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uled. That change pressed Forbes and his parry aboard Mo rrissey went to find a safe entrance channel to north to Frobisher Bay. Bartlett, in the Crystal II site quickly. The an article he wrote describing that immediate need was to fix geosummer's work, stated that Crystal graphic coordinates at the entrance II then housed 1,500 construction to a channel which Forbes had workers and a garrison of 100 tentatively selected. Once at the rroops. 8 channel's entrance point, the arBy the end of 1943, the three riving ships were to pi ck up a pilot ,., phases of the Crystal Project had (in this case Crowell). been completed, but the endeavor Providentially, a Coast Guard was not to serve the purpose for cutter canying a seaplane put in an Workers stationed at Crystal IIfill fresh water casks from glacier which it had been built. By rhe fall appearance and Forbes arranged runoff in 1943. (US Army photo) of 1943, the submarine menace in for a flight to take him over the the Atlantic had been largely overchannel at low tide. It was a lucky move, as team- this one tasked with making a de- come. It had become unnecessary to ferry he spotted a rock pinnacle practically on tailed survey of the Koksoak River and planes over the Arctic wastes as practical the range that he had marked out for proceeding to Frobisher Bay to refine the methods had been developed for shipping Crowell to use when bringing in the ships. 6 work accomplished there during the previ- unboxed light aircraft by securing them to The range was adjusted in time for the ous summer. Effie M. Morrissey was again framing constructed above the well decks arrivals of the freight/ passenger ship Fairfax chartered for the survey parry. of tankers. Following completion, Crystal and the freighter Eleanor. On their heels When Forbes and his team reached Fon II and III served as weather-reporting stacame a large Army tug accompanied by a Chi mo, they witnessed rhe system that had tions until rhe conclusion of the war in smaller tug to be used to barge in cargoes been set in place for supplying Crystal I. Europe. Crystal I was the support base for from Fairfax and Eleanor. Ships as well as tugs with barges were the rwo more northerly facilities and a base As the construction work was carried proceeding as far as Fort Chimo. There for planes engaged on ice patrols. Today, out, Fairfax was anchored off, serving as a everything was offloaded onto small barges Fort Chimo and the Crystal II sire at barracks ship for the workers. The small which, during the periods of half flood to Frobisher Bay are important settlements tug with a barge on the hip was kept busy full flood, were rowed upriver to the air- with commercial ai rports . J, offloading trucks, earth movers, and build- strip by shoal-draft gasoline-powered moing materials from other arriving ships: tor launches. The Crystal I base had devel- This article is condensedfrom an appendix in Denny, Norluna, Eagle, and Maltran. A oped into an impressive facilirywith all the the author's recently published Over Seas: major setback was experienced in August comforts, including a movie theater and an US Army Maritime Operations , 1898 when rhe freighter Arlyn, which had much- assortment of other amenities. At one point Through the Fall of the Philippines, Gibson needed equipment, was torpedoed in the that summer, it was even enlivened by a and Gibson (Ensign Press, PO Box 638, visit from a United Service Organization Camden ME 04843;www.ensignpress.com). Suait of Belle Isle. Work continued so late in rhe season (USO) troupe. It was a far cry from the Mr. Gibson is the author of eight books on that the last cargo ship to leave Crystal II in uninhabited, barren scene that Forbes and maritime history topics, including Dictiothe fall had to break her way out through Roosevelt had viewed back in 1941. While nary of Transports and Combatant Vesfive inches of ice to reach open water. on the Koksoak, Forbes visited the wreck sels, Steam and Sail, Employed by the Throughout the winter of 1942-43, work of rhe freighter Norluna which had run Union Army 1861-1868, which won the continued on the Crystal II base complex. afoul of rhe rocks during the previous sum- john Lyman Award in the American Naval In April 1943, Forbes was placed in mer being judged a total loss. 7 Following H istory category from the North American charge of another Navy hydrographic the survey of the Koksoak River, Forbes Society for Oceanic History.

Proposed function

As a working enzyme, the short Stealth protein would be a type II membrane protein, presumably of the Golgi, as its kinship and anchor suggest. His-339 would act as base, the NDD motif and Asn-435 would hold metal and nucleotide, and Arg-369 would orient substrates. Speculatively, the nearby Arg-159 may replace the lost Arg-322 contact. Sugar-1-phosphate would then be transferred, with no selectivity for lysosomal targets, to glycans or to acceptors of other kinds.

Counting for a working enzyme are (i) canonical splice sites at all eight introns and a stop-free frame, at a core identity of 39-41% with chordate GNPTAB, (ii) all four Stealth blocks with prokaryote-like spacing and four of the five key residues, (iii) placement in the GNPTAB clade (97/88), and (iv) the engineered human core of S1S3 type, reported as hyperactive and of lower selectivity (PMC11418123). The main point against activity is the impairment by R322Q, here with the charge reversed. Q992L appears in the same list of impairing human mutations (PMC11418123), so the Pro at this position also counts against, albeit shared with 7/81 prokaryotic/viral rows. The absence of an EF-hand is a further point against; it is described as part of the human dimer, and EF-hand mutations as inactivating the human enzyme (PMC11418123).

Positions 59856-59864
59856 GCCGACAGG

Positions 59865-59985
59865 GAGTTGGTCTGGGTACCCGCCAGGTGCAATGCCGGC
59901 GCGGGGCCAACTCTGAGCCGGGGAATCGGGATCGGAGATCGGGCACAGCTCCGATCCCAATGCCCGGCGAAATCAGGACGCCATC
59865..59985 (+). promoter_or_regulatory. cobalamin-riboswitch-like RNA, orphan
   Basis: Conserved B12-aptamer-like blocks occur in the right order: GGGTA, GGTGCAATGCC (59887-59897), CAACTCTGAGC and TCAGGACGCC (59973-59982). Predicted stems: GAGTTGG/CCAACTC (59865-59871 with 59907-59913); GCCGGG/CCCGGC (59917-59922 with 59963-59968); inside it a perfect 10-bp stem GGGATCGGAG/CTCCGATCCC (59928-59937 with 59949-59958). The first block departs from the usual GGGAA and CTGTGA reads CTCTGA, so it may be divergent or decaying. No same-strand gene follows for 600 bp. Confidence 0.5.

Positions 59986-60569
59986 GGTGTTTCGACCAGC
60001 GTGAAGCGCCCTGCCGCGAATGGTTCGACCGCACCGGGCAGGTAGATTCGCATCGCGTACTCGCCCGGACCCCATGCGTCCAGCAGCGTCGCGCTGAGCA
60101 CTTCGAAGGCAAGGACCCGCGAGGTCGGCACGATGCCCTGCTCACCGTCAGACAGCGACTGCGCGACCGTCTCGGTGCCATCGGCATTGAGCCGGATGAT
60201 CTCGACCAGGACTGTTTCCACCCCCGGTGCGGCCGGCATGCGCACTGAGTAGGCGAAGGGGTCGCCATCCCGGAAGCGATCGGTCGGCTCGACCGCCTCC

NOTES 1 Ar Fort Chima, the range of ride is alm ost 30 feet , and it was only at rhe stare of high ride that the river was considered navigable by ships of any real size. 2 Quest was once owned by Sir Ernest Shackleton. He died aboard her in Antarctica on 5 January 1922. 3 The first names of Lr. Commander Schlossbach and Cap rain D yer were not given in any of the so urces I accessed. 4 D espite hi s reco mmendation that a wiredrag survey be mad e of rhe Koksoak, Forbes

SEA HISTORY 101 , SUMMER 2002

had nor been provided with vessels necessary for conducting that rype of survey. W ire drag surveys, which use rwo vessels rowing a cable berween them, can loca te underwater hazards nor detectable by one vessel using parallel lines of so undings. 5 At this poim in rhe war, German plans ro land raiding parries in the Canadian subarctic were unclear. Crowell would probably have known that German weather detachments had been discovered on Greenland rhe summer before, acco unting for his apprehensio n regard ing the approaching whaleboat. 6 In those waters, rock pinnacles are very sm all

in area, often precipitously dropping away to depths as great as 100 fathoms (600 feet). Onl y wire dragging cou ld have lo cated such hazards with any cerrainry. Outside of that one discovered pinnacle, the remainder of the channel wo uld prove to be safe. 7 Forbes, Questfor a Northern Air Route, p 104. During the summer of 1986, I visited Fort Chima by air and from a distance viewed the rusry remains of Norluna still lying just as Forbes had described ir. 8 Robert A. Barrlerr, "Servicing Arctic Air Bases," National Geographic, Vo l. LXXXIX (May 1946), pp602-616.

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Sea History 101 - Summer 2002  

7 OCEANIC MISSION IV: They Said of Winston Churchill, Not Since Francis Drake Had Such a Man Been on the River, by Peter Stanford • 10 The...

Sea History 101 - Summer 2002  

7 OCEANIC MISSION IV: They Said of Winston Churchill, Not Since Francis Drake Had Such a Man Been on the River, by Peter Stanford • 10 The...